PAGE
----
• Bake for 35-40 minutes
  • Serve slices warm in a bowl on it’s own or with a splash of milk substitute if you desire

Feel free to get creative and change up the fruit and nuts to your liking, Personally, I think a blueberry and macadamia nut combo would be killer as well.

after

quiche-wa

quiche-wa - a quinoa quiche : nu roots nutrition

Get it?…a quinoa (keen-wa) quiche, it’s is my best attempt at being cute & creative for today. Recently I stumbled across a delicious looking quinoa & egg dish baked in the cutest little muffin tins on Pinterest. However, I had to do my holistic nutritionist thing and I tweaked it a just touch to make it a little more wholesome and complete in my books. It was a hit at home, and even though I don’t have cute little muffin tins, nor I am by any means a photographer, I wanted to share it with you!

This dish could be breakfast, lunch, dinner or a snack! It is great to have around the house when you are needing a good dose of high quality protein, which seems to be ALL the time when you are building a mini human.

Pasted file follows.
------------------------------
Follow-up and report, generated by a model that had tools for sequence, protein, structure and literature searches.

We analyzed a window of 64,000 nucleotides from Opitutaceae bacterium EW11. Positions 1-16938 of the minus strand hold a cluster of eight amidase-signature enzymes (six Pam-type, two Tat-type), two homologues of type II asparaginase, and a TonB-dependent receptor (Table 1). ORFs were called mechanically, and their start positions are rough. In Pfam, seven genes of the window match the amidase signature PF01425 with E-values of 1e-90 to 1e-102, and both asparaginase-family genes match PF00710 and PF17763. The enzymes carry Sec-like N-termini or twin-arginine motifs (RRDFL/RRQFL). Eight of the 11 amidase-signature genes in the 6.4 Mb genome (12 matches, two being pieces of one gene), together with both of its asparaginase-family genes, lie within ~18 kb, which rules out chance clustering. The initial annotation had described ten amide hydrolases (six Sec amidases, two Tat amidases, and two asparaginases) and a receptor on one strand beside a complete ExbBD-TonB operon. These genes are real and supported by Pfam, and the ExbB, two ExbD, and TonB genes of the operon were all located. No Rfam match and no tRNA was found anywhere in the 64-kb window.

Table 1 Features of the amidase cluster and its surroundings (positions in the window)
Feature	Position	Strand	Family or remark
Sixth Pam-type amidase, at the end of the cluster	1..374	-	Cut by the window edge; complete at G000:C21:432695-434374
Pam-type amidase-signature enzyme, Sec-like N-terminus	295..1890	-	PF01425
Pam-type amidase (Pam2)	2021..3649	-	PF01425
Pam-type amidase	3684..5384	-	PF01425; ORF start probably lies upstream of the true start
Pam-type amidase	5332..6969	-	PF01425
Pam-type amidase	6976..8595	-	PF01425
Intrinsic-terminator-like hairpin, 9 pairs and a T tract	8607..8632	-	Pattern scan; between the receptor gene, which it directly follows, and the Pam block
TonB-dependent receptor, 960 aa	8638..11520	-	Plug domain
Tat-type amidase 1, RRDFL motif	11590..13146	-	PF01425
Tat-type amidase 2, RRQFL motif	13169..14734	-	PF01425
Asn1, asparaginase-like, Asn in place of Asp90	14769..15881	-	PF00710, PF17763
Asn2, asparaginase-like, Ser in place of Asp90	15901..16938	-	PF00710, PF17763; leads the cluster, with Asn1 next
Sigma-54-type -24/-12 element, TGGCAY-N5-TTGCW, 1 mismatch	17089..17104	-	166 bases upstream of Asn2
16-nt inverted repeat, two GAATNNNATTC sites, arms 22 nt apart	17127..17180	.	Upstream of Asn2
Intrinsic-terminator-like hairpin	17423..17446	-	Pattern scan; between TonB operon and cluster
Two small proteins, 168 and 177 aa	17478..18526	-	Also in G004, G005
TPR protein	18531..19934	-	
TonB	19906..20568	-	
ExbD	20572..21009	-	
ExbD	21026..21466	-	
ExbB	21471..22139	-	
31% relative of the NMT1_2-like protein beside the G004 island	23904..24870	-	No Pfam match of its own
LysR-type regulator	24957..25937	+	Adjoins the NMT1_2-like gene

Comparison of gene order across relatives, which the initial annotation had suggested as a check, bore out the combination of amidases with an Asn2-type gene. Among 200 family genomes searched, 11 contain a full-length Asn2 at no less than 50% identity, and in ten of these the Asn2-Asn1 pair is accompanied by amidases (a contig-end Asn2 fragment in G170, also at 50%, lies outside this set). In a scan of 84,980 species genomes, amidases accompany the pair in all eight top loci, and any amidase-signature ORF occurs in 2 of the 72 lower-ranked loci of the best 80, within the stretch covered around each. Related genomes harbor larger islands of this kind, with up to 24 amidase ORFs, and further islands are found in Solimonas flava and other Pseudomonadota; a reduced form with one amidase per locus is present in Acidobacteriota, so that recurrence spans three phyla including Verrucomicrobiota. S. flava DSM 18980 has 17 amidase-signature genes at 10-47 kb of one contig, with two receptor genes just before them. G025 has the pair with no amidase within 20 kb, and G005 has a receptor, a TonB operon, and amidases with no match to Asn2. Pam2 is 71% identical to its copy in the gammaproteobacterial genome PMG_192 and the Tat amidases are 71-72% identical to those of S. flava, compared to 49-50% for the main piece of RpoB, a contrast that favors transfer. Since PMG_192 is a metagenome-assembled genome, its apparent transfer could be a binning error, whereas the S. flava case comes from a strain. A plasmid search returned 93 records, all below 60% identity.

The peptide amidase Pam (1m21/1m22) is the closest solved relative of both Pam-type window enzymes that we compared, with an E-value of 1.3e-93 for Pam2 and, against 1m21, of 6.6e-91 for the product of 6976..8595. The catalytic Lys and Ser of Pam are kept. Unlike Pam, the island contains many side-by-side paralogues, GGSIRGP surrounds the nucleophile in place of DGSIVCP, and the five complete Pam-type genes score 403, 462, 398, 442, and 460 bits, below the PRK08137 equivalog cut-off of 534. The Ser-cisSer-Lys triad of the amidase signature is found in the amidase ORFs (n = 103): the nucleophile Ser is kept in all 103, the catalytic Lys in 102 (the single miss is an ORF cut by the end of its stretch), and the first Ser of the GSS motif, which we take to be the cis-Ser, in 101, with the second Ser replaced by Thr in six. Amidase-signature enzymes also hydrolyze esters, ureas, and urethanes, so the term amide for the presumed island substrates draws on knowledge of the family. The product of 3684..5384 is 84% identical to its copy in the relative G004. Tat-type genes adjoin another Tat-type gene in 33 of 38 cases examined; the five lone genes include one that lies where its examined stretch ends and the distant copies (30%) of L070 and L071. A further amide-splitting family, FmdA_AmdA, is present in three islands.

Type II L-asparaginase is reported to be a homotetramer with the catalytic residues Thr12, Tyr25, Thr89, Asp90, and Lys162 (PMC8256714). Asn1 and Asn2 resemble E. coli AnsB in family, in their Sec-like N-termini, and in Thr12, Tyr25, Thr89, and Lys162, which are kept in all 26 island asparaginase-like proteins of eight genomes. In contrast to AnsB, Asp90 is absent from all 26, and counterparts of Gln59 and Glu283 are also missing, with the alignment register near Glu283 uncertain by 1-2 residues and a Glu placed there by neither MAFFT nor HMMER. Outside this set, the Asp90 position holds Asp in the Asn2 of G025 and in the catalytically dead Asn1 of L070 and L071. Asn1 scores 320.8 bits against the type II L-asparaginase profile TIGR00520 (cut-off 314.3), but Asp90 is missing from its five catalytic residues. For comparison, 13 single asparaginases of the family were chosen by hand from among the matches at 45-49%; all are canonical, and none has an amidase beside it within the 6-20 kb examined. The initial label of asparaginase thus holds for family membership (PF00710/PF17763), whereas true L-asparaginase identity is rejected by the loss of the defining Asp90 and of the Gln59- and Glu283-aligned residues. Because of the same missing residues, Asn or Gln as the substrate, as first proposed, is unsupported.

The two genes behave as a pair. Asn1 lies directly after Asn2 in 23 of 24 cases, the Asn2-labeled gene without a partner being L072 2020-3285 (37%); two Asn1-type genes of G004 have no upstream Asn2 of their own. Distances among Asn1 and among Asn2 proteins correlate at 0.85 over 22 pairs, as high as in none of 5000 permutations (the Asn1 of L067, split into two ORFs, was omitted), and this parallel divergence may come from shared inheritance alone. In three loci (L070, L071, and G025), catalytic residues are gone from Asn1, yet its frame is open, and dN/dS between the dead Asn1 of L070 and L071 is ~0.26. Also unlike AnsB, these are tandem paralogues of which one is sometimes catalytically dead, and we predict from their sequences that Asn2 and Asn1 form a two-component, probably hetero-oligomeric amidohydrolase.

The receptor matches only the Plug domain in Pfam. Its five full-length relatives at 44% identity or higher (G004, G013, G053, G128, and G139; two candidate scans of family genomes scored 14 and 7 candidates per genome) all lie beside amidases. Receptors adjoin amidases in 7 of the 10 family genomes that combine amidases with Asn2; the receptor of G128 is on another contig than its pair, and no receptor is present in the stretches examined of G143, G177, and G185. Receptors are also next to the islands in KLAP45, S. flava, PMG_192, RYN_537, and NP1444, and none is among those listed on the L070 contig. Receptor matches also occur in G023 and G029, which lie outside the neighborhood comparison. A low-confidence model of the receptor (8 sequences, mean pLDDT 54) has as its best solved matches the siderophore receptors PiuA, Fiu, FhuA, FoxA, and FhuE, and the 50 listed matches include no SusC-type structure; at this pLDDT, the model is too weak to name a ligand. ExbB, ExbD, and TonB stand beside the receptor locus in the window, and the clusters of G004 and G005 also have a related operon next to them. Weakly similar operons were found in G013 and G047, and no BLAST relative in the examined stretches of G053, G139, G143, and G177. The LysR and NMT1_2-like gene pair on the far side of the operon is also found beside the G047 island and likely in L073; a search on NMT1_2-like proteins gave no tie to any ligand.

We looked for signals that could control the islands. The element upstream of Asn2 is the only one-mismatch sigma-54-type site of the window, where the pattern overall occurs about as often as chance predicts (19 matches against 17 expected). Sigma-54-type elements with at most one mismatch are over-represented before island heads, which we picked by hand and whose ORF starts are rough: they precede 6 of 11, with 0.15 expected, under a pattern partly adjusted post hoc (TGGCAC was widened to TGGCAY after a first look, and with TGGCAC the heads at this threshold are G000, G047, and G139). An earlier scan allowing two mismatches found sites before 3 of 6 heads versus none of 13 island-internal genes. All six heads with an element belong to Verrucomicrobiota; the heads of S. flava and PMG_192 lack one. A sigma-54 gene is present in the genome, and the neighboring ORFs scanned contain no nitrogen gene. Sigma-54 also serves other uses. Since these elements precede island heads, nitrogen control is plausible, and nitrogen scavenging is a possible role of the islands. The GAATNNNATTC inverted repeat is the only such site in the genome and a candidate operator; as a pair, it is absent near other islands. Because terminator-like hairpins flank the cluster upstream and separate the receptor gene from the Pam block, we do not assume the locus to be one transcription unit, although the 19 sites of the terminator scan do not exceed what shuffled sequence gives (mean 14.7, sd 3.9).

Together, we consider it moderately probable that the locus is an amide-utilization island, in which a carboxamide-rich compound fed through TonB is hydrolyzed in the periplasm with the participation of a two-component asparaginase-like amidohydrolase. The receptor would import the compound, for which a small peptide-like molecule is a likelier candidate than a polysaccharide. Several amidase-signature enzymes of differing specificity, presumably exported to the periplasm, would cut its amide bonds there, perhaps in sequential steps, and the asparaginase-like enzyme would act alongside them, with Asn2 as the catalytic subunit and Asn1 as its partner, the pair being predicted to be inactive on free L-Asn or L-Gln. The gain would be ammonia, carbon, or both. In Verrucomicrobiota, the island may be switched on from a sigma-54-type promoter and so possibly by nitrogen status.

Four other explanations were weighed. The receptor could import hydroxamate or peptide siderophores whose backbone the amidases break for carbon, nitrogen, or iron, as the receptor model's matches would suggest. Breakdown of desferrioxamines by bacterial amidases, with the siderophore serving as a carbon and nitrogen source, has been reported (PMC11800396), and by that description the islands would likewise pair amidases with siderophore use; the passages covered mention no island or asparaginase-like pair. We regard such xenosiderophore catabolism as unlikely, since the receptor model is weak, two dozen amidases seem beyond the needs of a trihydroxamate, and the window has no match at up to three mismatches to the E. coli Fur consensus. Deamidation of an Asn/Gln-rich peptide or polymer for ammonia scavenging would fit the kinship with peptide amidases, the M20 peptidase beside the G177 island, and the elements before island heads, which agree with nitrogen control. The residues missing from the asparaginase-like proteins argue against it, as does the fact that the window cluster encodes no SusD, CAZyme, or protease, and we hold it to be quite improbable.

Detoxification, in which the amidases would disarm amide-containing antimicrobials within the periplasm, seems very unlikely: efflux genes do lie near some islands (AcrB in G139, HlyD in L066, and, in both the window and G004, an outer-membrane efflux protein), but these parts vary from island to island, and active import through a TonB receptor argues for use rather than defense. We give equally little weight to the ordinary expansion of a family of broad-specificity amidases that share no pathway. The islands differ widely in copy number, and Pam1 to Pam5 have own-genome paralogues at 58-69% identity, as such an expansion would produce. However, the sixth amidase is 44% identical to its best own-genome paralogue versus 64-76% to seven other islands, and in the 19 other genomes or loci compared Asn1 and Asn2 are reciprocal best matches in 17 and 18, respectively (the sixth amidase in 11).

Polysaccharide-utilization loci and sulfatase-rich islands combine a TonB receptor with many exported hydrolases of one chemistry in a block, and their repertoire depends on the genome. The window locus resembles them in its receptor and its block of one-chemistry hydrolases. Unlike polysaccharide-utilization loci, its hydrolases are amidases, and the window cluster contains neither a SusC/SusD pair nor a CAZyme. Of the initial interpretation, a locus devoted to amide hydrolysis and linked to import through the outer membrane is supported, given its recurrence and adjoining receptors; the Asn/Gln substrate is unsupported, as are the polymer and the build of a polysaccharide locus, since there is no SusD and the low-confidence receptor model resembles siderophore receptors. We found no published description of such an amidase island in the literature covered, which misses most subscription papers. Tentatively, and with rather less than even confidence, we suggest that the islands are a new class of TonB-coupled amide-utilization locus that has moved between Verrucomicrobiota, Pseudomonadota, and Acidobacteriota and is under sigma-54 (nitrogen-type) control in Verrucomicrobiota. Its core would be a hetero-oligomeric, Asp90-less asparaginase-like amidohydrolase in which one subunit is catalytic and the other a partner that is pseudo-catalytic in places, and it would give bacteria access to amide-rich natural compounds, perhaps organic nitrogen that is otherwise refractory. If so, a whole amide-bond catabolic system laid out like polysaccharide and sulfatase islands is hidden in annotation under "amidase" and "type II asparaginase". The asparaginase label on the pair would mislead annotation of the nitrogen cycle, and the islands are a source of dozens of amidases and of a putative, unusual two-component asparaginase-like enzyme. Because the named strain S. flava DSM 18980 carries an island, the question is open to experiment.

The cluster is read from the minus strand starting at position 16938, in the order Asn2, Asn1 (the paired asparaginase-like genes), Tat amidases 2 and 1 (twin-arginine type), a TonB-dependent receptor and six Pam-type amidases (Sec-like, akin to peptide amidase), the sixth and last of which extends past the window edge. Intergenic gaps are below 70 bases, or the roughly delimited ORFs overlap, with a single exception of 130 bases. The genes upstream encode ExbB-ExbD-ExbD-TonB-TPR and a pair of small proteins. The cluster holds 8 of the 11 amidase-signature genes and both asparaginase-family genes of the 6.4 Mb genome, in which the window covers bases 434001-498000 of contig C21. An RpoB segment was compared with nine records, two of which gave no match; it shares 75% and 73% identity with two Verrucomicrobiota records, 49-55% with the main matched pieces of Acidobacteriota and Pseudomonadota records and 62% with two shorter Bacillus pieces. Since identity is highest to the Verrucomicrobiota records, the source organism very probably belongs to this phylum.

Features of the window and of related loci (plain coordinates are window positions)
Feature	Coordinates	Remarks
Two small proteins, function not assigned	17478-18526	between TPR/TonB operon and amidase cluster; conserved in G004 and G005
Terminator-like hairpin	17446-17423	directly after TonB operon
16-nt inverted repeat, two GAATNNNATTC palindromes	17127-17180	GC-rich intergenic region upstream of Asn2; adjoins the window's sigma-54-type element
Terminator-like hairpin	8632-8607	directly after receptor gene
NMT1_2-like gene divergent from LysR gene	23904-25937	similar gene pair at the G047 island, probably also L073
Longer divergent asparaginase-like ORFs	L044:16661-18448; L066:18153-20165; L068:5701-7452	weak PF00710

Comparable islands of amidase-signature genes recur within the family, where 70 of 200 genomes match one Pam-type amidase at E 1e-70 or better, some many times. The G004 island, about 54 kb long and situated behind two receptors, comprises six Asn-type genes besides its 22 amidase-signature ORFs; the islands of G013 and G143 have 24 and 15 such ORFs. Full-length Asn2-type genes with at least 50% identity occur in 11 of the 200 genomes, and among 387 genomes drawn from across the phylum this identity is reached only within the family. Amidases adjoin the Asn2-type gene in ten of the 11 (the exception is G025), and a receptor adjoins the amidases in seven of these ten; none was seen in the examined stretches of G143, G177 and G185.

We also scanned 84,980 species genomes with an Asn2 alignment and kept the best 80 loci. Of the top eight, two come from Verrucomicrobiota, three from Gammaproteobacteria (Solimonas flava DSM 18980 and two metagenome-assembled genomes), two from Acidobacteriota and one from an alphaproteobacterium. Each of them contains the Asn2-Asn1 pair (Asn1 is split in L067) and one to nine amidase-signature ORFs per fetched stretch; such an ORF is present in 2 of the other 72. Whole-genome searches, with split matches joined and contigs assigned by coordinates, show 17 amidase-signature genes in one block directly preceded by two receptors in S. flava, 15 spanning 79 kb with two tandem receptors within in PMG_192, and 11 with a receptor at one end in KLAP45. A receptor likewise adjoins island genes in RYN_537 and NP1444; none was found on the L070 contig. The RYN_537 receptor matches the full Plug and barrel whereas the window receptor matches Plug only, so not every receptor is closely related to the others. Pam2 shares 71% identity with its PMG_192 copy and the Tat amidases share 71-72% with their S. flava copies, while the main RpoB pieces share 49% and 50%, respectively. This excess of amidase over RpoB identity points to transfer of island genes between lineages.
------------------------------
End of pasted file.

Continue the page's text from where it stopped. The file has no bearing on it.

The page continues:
First you are going to have to learn to cook quinoa, the most amazing whole, gluten-free grain ever. It it incredibly versatile, delicious and nutrition packed. It is the only grain that is a complete protein, plus it’s got anti-stress magnesium and happiness inducing tryptophan. Here’s what you do…

How to Cook Quinoa

  • 1 cup dry quinoa (white, red or black – or a combo of all 3)
  • 2 cups water (filtered or spring, ideally)

Soak the quinoa in water for 10 min (or overnight)*, then strain in a fine wire strainer and rinse thoroughly to remove the bitter outer coating. Add rinsed quinoa to pot. Add 2 cups water, cover (no need to stir) and bring to a boil. Reduce heat and let simmer for 15-20 min, until all the water is absorbed and the quinoa is fluffy.

*Only do this if you have time, otherwise you can just rinse it well in a wire strainer to remove the bitter outer coating. Soaking increases quinoa’s digestibility, but is not 100% required if you are in a time crunch. One of the benefits of quinoa (over brown rice) is that it takes so little time to prepare so don’t let this discourage you.

Note: Golden quinoa cooks slightly differently, it is 1 cup rinsed golden quinoa to 1 cup water, and you let it simmer for 10 minutes with the lid on.